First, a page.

Soils, seeds

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Talk for MOA on Soil, seeds, rotation, covercrops. Check out more info http://michael-kilpatrick.com/

Text of Soils, seeds

  • 1.Growing Soil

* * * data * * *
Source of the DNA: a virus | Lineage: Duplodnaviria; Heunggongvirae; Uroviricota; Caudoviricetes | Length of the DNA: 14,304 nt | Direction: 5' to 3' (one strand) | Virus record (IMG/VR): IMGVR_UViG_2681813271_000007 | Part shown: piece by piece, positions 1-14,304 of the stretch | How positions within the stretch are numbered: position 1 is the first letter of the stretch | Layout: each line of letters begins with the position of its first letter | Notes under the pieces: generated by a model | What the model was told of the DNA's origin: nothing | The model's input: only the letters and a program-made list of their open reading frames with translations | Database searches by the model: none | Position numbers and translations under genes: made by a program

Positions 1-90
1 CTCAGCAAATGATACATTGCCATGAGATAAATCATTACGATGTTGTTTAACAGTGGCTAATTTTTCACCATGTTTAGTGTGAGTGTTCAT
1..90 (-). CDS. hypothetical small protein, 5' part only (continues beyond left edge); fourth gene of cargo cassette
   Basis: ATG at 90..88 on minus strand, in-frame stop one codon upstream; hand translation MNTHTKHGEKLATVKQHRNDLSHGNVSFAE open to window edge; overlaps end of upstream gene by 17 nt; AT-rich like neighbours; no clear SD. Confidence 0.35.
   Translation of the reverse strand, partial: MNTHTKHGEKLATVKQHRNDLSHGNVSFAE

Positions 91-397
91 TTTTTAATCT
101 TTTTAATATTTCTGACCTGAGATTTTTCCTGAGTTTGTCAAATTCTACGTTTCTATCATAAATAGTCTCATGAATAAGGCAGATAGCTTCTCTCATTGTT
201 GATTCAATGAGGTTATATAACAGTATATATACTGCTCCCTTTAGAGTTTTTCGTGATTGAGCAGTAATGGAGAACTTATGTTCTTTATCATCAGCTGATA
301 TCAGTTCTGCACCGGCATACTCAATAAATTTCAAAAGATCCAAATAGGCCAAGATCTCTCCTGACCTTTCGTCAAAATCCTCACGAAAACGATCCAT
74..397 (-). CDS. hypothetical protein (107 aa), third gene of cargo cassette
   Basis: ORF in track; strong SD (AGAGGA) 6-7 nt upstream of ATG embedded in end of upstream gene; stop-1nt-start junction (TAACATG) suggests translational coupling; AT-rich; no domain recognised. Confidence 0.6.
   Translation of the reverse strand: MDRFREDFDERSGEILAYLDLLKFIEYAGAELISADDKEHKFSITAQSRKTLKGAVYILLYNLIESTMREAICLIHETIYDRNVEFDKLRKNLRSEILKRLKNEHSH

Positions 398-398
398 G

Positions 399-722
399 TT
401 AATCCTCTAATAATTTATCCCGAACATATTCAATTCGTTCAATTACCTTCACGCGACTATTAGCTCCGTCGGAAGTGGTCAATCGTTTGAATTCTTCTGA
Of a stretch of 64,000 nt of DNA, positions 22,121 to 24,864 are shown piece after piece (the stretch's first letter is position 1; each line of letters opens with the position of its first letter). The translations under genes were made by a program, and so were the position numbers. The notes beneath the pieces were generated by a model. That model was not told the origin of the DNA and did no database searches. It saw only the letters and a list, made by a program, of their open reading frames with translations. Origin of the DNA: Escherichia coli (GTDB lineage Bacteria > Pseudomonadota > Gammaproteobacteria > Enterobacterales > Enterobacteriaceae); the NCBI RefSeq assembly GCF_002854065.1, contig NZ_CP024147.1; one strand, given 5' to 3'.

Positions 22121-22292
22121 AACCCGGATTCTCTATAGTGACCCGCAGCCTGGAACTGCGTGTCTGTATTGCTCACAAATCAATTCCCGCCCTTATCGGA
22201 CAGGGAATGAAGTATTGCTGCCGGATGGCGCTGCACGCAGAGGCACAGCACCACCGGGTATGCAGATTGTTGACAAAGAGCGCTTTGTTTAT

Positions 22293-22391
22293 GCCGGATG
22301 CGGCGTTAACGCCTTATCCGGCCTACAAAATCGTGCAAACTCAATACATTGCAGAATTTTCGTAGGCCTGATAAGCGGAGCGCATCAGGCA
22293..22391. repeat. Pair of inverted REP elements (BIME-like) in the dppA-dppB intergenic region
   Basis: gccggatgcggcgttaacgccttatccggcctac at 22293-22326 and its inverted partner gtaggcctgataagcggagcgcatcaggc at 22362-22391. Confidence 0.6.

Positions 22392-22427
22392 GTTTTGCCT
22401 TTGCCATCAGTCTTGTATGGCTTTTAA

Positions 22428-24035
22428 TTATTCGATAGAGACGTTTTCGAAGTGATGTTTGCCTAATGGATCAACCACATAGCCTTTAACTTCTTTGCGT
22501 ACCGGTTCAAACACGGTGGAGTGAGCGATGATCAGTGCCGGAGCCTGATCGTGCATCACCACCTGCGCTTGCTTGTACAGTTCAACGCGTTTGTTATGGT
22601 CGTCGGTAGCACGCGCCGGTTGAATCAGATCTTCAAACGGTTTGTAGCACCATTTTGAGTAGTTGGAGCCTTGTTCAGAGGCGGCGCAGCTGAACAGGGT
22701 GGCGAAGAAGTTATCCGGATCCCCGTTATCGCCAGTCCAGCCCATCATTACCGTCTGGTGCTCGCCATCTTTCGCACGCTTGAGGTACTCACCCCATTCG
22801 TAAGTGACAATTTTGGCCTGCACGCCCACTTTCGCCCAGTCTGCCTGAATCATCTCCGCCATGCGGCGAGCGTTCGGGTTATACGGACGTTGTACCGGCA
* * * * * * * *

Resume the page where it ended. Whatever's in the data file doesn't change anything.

2. Seeds (GMO Seeds)These are seeds that have had their genetic make-up altered by replacing certain genes with genes from a totally different species, with the hope that the resulting plants will now have certain desirable characteristics. Hybrid-Hybrid seeds are developed by pollinating one type of plant with the pollen of another variety. The ospring seeds can have traits from either parent. The purpose of hybridization is to develop a new variety that has the best or most desirable traits of the two parent plants. Copyright 2013 Through Nana's Garden Gate 3. !Seeds open- pollinatedThese seeds are produced by crossing two parents from the same variety, so the ospring plants will be just like the parents. These can be from H1 hybrids or heirloom seeds. Depending of many factors, it is possible to have non-conforming plants in an open-pollinated variety. HeirloomThese are seeds from non-hybrid plants that have been grown for generations. Because they have specic traits that are desirable, they have survived. The seeds will be true to the parent plant. Many of these heirloom plants are being brought into favor today by gardeners who value keeping a wide genetic base available. Copyright 2013 Through Nana's Garden Gate 4. Seeds Pelleted seeds- coated with an layer of clay to make bigger, more uniform and easier to sow. Best for when seeding with a mechanical seeder Treated Seeds- these are seeds that have been coated with a chemical application of some sort to protect against disease or insects- there are some new organic 5. How to choose varieties What are other growers using trial several varieties Where is the seed company located? what does your market want regionally adapted seeds? 6. Regionally adapted varieties usually open-pollinated or heirloom varieties over the years have adapted to the climate Can be more resistant to cold, wet, or disease of area more prevalent in squashes, tomatoes, and grain crops 7. Seed Purity and size There are multiple grades and purity Go for the lowest seed count per lb Keep seeds cool and dry (use the 100 rule, temp and humidity should equal less than 100) 8. Seed companies we trust Johnnys High Mowing Osborne Jordans 9. Hot- Water treating seeds Why? Can destroy pathogens. Seed born Alternaria, Septoria, Black rot, Bacterial Spot What crops? Crucifers, Tomato, Pepper, Spinach Use specically designed vats at specic temperatures. http://vegetablemdonline.ppath.cornell.edu/ NewsArticles/ HotWaterSeedTreatment.html 10. Richard de WildeHarmony Valley Farm 11. We always double our last few plantings 12. Looking at frost dates how early can you reasonably plant sensitive crops without heat? use a construction heater for those few days that it gets cold have rowcovers at the ready... 13. Frost-sensitive crops Tomatoes including cherriespepperseggplantcucumbers squashokrabeanspotatoesbasil 14. Hardy Crops ArugulaMesclunLettuce MixSpinachAsian greens CarrotsBeetsScallionsLeeksBrassicas 15. Pick an date... And then just keep on planting..... Get rid of the pre-conceived notions of when crops can be produced 16. Soil The best soil for growing is the soil that you currently have...... But... 17. Purchasing/Renting land 18. Soil type/quality Lighter soilsStone contentSoil history, conventionally farmed?Tract size 19. Soils Sandy loam to Sandy is ideal Too sandy can be hard to irrigate early and late Too wet can be ne but needs to bebedded up well.... good for spinach and long season crops as holds nutrients well 20. Micro Climates Occur on the top of a slope, by largebodies of water, in areas shielded by large natural barriers Can be 3-5 degrees warmer than surrounding areas Our granville eld is consistantly 3-4 degrees colder than the home farm 21. 5-88-15 22. Water Availability Water owWater consistencyWater QualityWater head?talk to the old-timers 23. Proximity to currently farmed property 2.5 miles 24. Vetting landowners Know your communitySeparate entrance idealmake sure they know you are farmingget a written agreement 25. Land security Spray buffersaccess for recreational vehicles and snowmobilesroads/ease of access for rufansease of fencing for deer/other pests 26. Lease/rent Land is expensivewe prefer 5 year rolling leasespay between $0-150 an acretax write-off for landownerSpell out everything in lease- no surprises. 27. Manchester Property 28. Manchester Property 14 acres of prime class 1 soilAs much water as we wantadjacent to other property5 year rolling leaserent is produce for the manufacturing employeesgood buffer zones 29. Web Soil Survey 30. Harrison Property Excellent, clean waterclass 2 soilscertiable immediately South slopelong term plansgood security 31. Matching crops to soils different crops have different soil requirements sweet potatoes loves very sandy soil carrots need deep friable soils spinach is ne with clay as long as it is bedded up Melons love dry fertile soil 32. Land and Soil prole Soil typeCropsAcresstays dry, early and late greens, melons, tomatoes, stony4Hamlin Silt loamroot crops, great for radishes, beets, carrots- no stones8Hartland sandy loamclass 1,general purpose, no stones4Vergennes Silty Claysomewhat heavy, winter squash, brassicas, spinach, beans5Hoosick Gravelly sandy LoamSweet potato heaven...1Bernardston-shaly silt loams 33. Weed Management Stale-bedding Flaming blind cultivation Between row vs in Row 34. bare fallow Period that nothing is grown on soil and itis kept tilled to destroy the weed seed bank bad for soil health usually for 4-6 weeks during peak summer useful to get rid of perenial weeds like quack-grass, nutsedge and johnson grass as well as annuals. 35. Flaming basics either used for stale seed bedding (before the crop is planted or blind cultivation (before the crop is up) idea situation: plant, wait till seeds aregerminating but not above the soil yet, ame, seeds come up in weed free bed ame midday when plants and ground are dry hot as possible 36. Parsnips just coming up 37. Blind Cultivation 38. Between Row cultivation 39. Fertility management Vegetable farming is not easy on the soil we want the best environment we can create to grow great vegetables Our goal is to create the BEST soil we can 40. How does one create great soil? Dont abuse it Compost Soil tests and Proper nutrients Cover crops good rotation 41. Why Compost? The great Recycler Builds Soil structure Aggregate formation (soil fungi) Drought Protection Just in time nutrient delivery Growth stimulator 42. C/N ratio you want a dirty compost pile (add a starter/activator) ideal Carbon/ Nitrogen ratio is 25:1 to 30:1 High N would be grass clippings, poultry manure, blood meal High C would be straw, sawdust, leaves 43. Compost ingredients Manure Wood chips spoiled hay vegetable scraps Whey eggshells 44. What not to put in compost domestic animal manure humanure large amounts of pine needles sprayed grass clippings (can contain 2,4 d) anything you cant handle..... 45. Using manures Stabilize it rst...Should not reek of ammonia... add carbon Watch your salt levels (especially in GH) Needs hot composted to get rid of disease and pathogens Stay away from pig manure - too many diseases (especially roundworms) 46. Composting methods Hot- Material is turned frequently to kill weedseeds, pathogens, is ready in a matter of weeks a month (temps up to 160 F) Cool- Material is piled and let sit, much less work but can take 6 months to 2 years. this method allows benecial bacteria to live. Windrow- Compost is placed in long , semi-circle shaped piles which are mechanically turned Aerated Static pile- Material piled and air forced through it to help it cook faster 47. http://sevenfarmers.blogspot.com/2012/12/composting.html 48. Importing soil fertility Easy way out can be more expensive in the long-run Safe can store great quantities of NPK Early season soils are too cold to utilize soil fertility easily 49. No supplemental nitrogen fertilizer in the greenhouse in the fall 50. Soil tests Take them!!! Best idea of what is going on down below Same time of year each year Get micronutrients tested every 2 years or so take them to a good lab 51. Nutrient Dense Dan Kittridge, Real Food Campaign Jerry Brunetti, Agri- Dynamics John Kemp, Advancing Eco Agriculture 52. Measuring Brix The higher the brix the healthier the plant Higher brix is a result of better mineralization of the soil For the best brix, nutrients are foliar applied during the season. 53. The Big 5 Nitrogen Phosphorous Potassium Sulfur Calcium 54. Micro-Nutrients MagnesiumCobaltCopperIron ManganeseMolybdenumZinc 55. Sources for Micronutrients Lancaster Ag Nutrient Density Supply Co. SeaAgri, INC 56. Soil management Squeeze test for dryness Dont compact by driving on wet bedding up in fall Some soils are just later Providing adequate drainage to heavier soils 57. Soil health resources Northeast cover crop handbook The real dirt Building soils for better crops Advanced biological farming 58. Growing Great Cover Crops 59. What is a cover crop? Any crop that is covering the soil 60. Yes, weeds can be a cover crop! 61. Cover crops vs green manures 62. Why Cover Crops? Benets soil: Stops erosion, sequesters carbon (organic matter), stabilizes soil moisture Manages Nutrients: adds or scavenges helps reduce weeds and ummoxes pests 63. Drawbacks Management establishment is when workload can be highest (spring and Fall) Weeds can establish in cover Uses soil moisture to grow (not a problem in irrigated vegetable land) difculty incorporating at end of year. 64. Types of Cover Crop Winter vs. Summer Legume vs non-legume Annual, Biennial, Perennial Intercropped Cover Crop Mixtures 65. Non-Legume Cover Crops Adds Organic matter Reduces erosion Suppresses weeds Large amounts of residue (can be tough to manage for next crop) Can tie up Nitrogen 66. Examples of NonLegume Crops Grasses (rye, oats, sorgum) Bras